Should we be alarmed by £2 salmon?

salmonTed S. Warren/AP/Press Association Images

Whole, frozen, wild salmon has arrived at Asda, for an astonishingly cheap £2 each. The fish is generally considered the superior alternative to farmed salmon, which has been affordable and available for years. It has raised questions as to how it is possible for Asda to offer a luxury treat for such a low price.

It also begs the question of what its rivals will do about it?
The £2 cost is for a fish weighing 840g, which will feed four people for about 50p a head.

This isn't the first time Asda has revealed a rock bottom price for its salmon. It hit the headlines in December 2009 for bringing the cost down to £3 for a whole wild salmon. It is roughly a fifth of the price at Waitrose and Tesco and a twelfth of the cost at Marks & Spencer.

In the past Asda has stated that the low costs are partly because it has cut the cost of shipping. This time round it says it saves money because it places large orders early, and therefore secures a lower price. It adds that it opts for smaller fish, which are naturally cheaper.

There are others who question whether they can be paying a fair price to fishermen if they are selling for a profit - and whether they are offering it as a loss leader in order to beat the other supermarkets.

In a market where ranges of finer foods and luxury options are selling more than expected, there is an issue of whether Asda is trying to make a name for itself among customers who might normally choose higher-priced supermarkets.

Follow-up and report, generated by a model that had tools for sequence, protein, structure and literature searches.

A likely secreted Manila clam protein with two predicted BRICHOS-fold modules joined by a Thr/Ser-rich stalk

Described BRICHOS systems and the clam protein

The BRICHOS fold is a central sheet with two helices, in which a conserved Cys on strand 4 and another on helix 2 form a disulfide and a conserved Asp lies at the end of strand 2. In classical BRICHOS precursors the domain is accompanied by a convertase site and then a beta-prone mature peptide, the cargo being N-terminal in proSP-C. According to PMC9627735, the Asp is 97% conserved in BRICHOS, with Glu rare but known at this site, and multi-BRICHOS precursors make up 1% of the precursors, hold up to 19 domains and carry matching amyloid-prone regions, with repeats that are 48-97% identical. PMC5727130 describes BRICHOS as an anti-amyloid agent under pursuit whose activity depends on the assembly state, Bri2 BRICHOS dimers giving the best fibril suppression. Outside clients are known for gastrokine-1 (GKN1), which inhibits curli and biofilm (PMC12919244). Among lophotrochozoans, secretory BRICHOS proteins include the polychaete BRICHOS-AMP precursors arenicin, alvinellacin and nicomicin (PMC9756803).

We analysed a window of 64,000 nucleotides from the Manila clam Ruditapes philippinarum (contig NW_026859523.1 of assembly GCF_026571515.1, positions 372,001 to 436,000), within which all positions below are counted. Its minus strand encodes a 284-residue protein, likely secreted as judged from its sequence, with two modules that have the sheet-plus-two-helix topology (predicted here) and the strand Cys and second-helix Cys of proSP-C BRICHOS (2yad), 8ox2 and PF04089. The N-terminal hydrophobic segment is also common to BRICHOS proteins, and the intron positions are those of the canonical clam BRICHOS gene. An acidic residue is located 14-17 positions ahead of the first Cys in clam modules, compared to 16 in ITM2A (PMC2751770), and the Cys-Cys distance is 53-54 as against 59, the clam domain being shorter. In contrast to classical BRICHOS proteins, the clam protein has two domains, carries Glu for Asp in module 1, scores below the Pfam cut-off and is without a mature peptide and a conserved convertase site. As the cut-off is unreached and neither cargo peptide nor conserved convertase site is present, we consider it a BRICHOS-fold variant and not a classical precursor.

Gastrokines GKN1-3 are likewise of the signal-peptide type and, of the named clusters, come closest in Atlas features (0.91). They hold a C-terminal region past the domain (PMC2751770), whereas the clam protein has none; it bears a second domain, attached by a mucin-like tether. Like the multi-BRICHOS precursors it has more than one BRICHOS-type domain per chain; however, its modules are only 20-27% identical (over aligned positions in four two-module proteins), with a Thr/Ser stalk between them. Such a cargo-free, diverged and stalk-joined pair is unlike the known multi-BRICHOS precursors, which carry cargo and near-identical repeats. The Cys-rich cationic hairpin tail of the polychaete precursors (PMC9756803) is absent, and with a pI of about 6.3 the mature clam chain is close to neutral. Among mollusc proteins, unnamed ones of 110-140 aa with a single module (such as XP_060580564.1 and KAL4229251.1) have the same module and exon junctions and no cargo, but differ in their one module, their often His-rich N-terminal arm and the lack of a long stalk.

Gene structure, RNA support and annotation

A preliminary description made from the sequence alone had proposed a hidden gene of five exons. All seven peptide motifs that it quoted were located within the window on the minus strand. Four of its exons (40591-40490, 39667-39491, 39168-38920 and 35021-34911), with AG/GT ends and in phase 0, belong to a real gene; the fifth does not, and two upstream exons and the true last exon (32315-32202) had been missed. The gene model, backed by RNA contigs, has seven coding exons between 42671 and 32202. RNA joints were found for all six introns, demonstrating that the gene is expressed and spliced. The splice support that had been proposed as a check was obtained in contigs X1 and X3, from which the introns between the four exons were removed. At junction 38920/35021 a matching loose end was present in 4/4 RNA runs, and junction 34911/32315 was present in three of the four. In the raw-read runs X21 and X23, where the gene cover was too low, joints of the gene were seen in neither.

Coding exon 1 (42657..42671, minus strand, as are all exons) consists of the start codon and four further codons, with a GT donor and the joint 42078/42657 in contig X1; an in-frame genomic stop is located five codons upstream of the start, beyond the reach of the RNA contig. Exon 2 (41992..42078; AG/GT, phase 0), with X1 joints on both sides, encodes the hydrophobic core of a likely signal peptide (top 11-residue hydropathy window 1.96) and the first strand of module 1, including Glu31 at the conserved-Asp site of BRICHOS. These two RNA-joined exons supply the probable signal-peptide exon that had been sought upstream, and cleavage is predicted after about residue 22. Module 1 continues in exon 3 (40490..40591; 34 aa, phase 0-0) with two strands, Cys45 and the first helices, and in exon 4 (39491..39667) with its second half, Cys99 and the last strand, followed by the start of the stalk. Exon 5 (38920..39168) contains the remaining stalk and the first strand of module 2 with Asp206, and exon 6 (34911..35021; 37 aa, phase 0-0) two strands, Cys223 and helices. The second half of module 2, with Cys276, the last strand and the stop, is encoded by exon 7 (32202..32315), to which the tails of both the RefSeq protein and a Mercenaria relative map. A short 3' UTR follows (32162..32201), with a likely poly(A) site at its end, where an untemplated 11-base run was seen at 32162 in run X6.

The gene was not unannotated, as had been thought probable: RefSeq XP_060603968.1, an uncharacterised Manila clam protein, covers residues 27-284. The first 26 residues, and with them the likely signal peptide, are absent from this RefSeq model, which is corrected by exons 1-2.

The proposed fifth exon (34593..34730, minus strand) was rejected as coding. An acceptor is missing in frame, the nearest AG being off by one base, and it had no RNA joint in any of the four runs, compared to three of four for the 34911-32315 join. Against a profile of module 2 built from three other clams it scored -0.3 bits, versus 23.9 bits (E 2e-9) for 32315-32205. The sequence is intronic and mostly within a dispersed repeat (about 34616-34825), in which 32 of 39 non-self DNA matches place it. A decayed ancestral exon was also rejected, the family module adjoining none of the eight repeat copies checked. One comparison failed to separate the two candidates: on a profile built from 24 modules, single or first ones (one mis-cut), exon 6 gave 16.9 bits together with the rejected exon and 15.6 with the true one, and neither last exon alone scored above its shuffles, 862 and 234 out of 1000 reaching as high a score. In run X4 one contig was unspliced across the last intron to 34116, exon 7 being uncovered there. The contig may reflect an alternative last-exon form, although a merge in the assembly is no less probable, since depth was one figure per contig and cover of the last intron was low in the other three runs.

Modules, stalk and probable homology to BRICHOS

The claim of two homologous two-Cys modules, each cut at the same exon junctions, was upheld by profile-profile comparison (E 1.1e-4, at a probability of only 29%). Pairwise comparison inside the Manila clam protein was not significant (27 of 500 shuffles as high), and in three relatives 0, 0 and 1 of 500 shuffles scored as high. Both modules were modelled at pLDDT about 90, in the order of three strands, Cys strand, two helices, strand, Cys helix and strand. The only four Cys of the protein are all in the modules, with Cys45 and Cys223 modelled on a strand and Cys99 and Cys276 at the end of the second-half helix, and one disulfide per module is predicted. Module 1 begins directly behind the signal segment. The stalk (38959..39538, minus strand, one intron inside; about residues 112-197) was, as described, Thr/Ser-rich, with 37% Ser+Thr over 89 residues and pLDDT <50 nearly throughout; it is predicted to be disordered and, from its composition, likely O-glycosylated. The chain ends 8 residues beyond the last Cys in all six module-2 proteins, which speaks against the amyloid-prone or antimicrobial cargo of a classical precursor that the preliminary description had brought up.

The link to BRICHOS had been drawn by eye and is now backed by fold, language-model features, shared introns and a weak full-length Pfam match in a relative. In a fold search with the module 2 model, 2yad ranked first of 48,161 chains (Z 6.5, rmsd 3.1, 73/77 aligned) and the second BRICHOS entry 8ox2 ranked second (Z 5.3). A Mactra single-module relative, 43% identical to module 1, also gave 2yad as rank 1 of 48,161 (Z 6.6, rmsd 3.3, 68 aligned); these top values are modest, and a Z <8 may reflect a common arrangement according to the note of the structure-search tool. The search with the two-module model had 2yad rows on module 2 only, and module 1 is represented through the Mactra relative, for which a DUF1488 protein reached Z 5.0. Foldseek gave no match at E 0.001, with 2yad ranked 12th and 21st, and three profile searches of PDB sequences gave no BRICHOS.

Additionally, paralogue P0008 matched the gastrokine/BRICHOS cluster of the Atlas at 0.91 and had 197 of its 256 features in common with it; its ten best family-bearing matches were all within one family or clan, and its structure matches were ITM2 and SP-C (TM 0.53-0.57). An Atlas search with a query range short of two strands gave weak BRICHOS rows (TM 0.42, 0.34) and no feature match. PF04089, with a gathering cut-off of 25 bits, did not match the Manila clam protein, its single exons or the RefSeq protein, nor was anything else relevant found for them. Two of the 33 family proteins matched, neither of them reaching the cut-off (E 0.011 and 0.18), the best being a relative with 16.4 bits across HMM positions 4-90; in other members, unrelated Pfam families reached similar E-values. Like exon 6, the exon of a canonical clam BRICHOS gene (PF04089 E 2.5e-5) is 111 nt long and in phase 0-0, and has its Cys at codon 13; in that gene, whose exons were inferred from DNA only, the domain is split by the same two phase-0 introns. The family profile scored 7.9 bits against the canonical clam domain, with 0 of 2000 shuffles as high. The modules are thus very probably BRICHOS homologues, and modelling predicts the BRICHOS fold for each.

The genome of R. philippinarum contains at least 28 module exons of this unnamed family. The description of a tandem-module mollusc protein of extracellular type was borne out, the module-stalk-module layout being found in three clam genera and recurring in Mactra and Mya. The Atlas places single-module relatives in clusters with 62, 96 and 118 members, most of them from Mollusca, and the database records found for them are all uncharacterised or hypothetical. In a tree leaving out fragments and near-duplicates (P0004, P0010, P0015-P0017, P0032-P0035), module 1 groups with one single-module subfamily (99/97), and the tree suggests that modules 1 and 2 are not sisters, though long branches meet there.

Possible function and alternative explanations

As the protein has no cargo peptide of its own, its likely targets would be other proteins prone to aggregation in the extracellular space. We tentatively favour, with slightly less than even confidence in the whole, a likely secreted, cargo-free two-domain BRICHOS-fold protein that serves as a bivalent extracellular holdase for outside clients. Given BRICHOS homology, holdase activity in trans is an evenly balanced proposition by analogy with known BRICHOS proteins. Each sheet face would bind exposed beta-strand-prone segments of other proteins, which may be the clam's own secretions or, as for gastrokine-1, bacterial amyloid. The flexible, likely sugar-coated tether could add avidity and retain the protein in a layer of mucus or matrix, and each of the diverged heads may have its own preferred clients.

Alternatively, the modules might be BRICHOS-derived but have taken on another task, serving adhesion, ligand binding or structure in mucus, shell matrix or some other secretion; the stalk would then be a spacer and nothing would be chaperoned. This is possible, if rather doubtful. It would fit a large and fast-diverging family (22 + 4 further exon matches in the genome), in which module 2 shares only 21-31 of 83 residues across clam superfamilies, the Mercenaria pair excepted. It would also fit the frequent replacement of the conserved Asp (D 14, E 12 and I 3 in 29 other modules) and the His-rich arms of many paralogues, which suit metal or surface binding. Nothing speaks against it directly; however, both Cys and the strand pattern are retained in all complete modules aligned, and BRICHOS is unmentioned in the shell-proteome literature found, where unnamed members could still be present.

The question is, therefore, whether Asda will be left to champion cheap fish alone, or whether this will spark a fishy price war.

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Should we be alarmed by £2 salmon?

This takes time, but once you know the cost of a phone call, putting the dryer on, or a bag of potatoes, it enables you to judge far better how much you can afford to consume.

Once you know the base price, you are in a position to keep your eyes open for a better offer. If you see a discount you can judge for yourself whether it actually constitutes a bargain. For bigger things like utilities it enables you to do a proper price comparison and see if you can cut your bills.

Don't just assume that the premium range is better, try the every-day brand, or even the basic version and see if you spot the difference. Likewise, consider trading down your supermarket from one of the big players to local markets or discounters like Aldi.

If you plan what you buy to match what you actually cook and eat then not only will you be able to budget far more effectively, but you'll also waste much less and find your money goes further without you having to try.

If you can't think of a way to get your meat for less, consider a vegetarian day once a week. If you can't find petrol any cheaper, then work on making your driving as efficient as possible. The more you can think of clever alternatives the less you will have to make painful cuts to make ends meet.


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